‘A red thread for the future of Europe’

At the beginning of 2000, the United Nations Population Division published an executive summary entitled eloquently: “Replacement migration:Is it a solution to declining and ageing population?” This study, which emphasised, in particular, the need for the EU to welcome 80 million migrants by 2050, aimed to contribute to the public debate on an issue that, back then, had not been identified as a ‘phenomenon’: namely the migrant/refugee issue. This phenomenon is certainly not new, on the contrary, it is interwoven with the history of humankind. However, especially in Europe, it comes under new circumstances, such as lack of reliability within the European institutions, economic crisis, absence of a single, foreign policy and security policy by the EU member states. In particular, the absence of significant development, the rise of Euroscepticism and the EU’s failure to intervene, for example on the ongoing civil war in Syria, create an environment that makes it difficult to address the migration/refugee phenomenon.

It has been understood that quantitative and qualitative approaches to addressing the current, unprecedented refugee/immigrant phenomenon require direct and bold political initiatives towards a collective European response, with a fair share of responsibility. A Roadmap is needed to tackle the phenomenon that ‘shaped our world and will define our future’ 1, by breaking with the past and The Dublin System and by putting forth a new model of migration/refugee policy and a single asylum system. A policy which would also support and assist the development of relations with the countries of origin or transit, the Middle East (Turkey, Jordan) and/or Africa (Morocco, Libya) in order to reduce the influx of refugees and migrants.

The refugee/migration phenomenon has come to stay, requiring specific initiatives and actions, not just words. Europe must assume these initiatives and actions collectively rather than individually (as in the case of certain countries, namely Italy and Greece, which have to bear the burden of the reception of hundreds of thousands of refugees and migrants, and which do so, expressing solidarity and respect for human rights).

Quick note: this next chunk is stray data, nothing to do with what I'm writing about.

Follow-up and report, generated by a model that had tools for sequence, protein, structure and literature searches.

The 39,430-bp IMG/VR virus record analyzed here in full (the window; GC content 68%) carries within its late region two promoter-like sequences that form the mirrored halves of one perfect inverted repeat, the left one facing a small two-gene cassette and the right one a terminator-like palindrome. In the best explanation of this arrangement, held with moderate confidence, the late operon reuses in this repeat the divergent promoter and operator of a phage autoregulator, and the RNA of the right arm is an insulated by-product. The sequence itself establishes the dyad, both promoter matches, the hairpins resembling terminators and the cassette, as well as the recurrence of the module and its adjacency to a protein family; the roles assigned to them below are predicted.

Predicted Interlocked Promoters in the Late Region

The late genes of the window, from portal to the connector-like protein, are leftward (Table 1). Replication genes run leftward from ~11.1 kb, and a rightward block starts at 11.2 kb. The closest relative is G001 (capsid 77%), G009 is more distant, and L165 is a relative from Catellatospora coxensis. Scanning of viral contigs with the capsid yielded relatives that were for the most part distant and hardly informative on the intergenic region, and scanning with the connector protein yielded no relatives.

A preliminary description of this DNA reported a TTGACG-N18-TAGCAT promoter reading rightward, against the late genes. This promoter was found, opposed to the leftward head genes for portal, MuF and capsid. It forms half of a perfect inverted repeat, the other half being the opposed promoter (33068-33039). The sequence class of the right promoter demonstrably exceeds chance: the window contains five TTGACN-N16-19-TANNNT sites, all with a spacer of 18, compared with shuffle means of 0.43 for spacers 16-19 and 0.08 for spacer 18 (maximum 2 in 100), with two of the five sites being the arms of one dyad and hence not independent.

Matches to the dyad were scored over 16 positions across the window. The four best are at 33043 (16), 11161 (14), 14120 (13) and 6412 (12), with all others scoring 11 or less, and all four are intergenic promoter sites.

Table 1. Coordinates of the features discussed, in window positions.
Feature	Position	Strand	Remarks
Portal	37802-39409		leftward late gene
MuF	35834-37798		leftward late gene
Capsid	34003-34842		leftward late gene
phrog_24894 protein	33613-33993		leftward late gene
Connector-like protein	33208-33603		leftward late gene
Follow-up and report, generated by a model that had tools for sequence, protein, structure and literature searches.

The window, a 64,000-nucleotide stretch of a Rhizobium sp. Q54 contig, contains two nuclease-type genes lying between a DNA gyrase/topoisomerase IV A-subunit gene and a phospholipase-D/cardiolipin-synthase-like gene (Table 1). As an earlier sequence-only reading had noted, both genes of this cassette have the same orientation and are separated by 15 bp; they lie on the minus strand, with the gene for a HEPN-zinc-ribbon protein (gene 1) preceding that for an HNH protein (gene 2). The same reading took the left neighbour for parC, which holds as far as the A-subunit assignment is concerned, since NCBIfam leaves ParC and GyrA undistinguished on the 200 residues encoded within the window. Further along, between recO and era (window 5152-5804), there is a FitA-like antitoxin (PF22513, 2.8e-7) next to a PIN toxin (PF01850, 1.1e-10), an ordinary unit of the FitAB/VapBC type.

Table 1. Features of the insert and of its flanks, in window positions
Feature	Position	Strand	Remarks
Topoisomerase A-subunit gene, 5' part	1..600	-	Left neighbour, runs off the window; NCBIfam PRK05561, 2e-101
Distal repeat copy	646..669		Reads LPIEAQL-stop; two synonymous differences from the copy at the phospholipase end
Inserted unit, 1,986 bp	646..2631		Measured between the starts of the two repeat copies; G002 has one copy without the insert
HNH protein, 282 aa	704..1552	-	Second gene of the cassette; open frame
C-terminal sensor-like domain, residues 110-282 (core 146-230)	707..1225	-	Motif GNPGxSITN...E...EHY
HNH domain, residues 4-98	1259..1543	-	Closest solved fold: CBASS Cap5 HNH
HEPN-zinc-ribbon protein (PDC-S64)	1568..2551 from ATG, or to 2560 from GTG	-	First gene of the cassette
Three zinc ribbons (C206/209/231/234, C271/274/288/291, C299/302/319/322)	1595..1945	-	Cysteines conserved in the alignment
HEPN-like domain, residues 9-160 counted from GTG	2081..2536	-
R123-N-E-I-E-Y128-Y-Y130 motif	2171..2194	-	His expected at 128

Today, there is an urgent need for this multi-level action, as, current policies (Dublin) and current reactions (closure of borders, raise of fences, xenophobic behaviours) cultivate fertile ground for snake eggs to hatch.  This process is completed quite fast by certain countries that are the driving force behind the European project, namely Germany (the recent results in Berlin are really significant) and France (the rising of Marine Le Pen is becoming increasingly important).

Thus, immediate actions are needed in the context of coordinated action by international organisations, national governments and local authorities, against a twofold problem: the reception and integration of migrants/refugees in the European societies. This will only be achieved by tackling individual issues, such as integration into the labour market and covering of educational and social needs.

In conclusion, the migrant/refugee crisis seems now to be that red thread between the UN, the ‘Parliament of Man’ (Paul Kennedy) and local authorities in EU member states. As a matter of fact, this year, for the first time in its history, the ‘Parliament of Man’ (Paul Kennedy) dedicated the meeting of its General Assembly to the refugee/migration issue, thereby addressing the challenge of urgent redefinition of the notion of Politics as interpreted by Aristotle.

A red thread that will define the future of the EU: the challenge of stimulating ‘Osmosis’ between  national governments and local authorities in order for them to take action on the refugee/migration matter, is becoming a key factor. The migration/refugee matter proves to be a matter of Democracy, for it raises the question of the (lost) credibility of the European institutions). ‘The only way to get democracy in Europe is through a deepening of European co-operation’, highlighted in a recent interview Jürgen Habermas. That cooperation is the holistic response to the refugee/migration phenomenon.

1 “Exceptional People: How migration shaped our world and will define our future”, Ian Goldin, Geoffray Cameron, Meera Balarajan. 2011, Princeton University Press. In Greek, “Aftoi den einai san emas”, Crete University Press, 2013.

Independent Office of International Affairs

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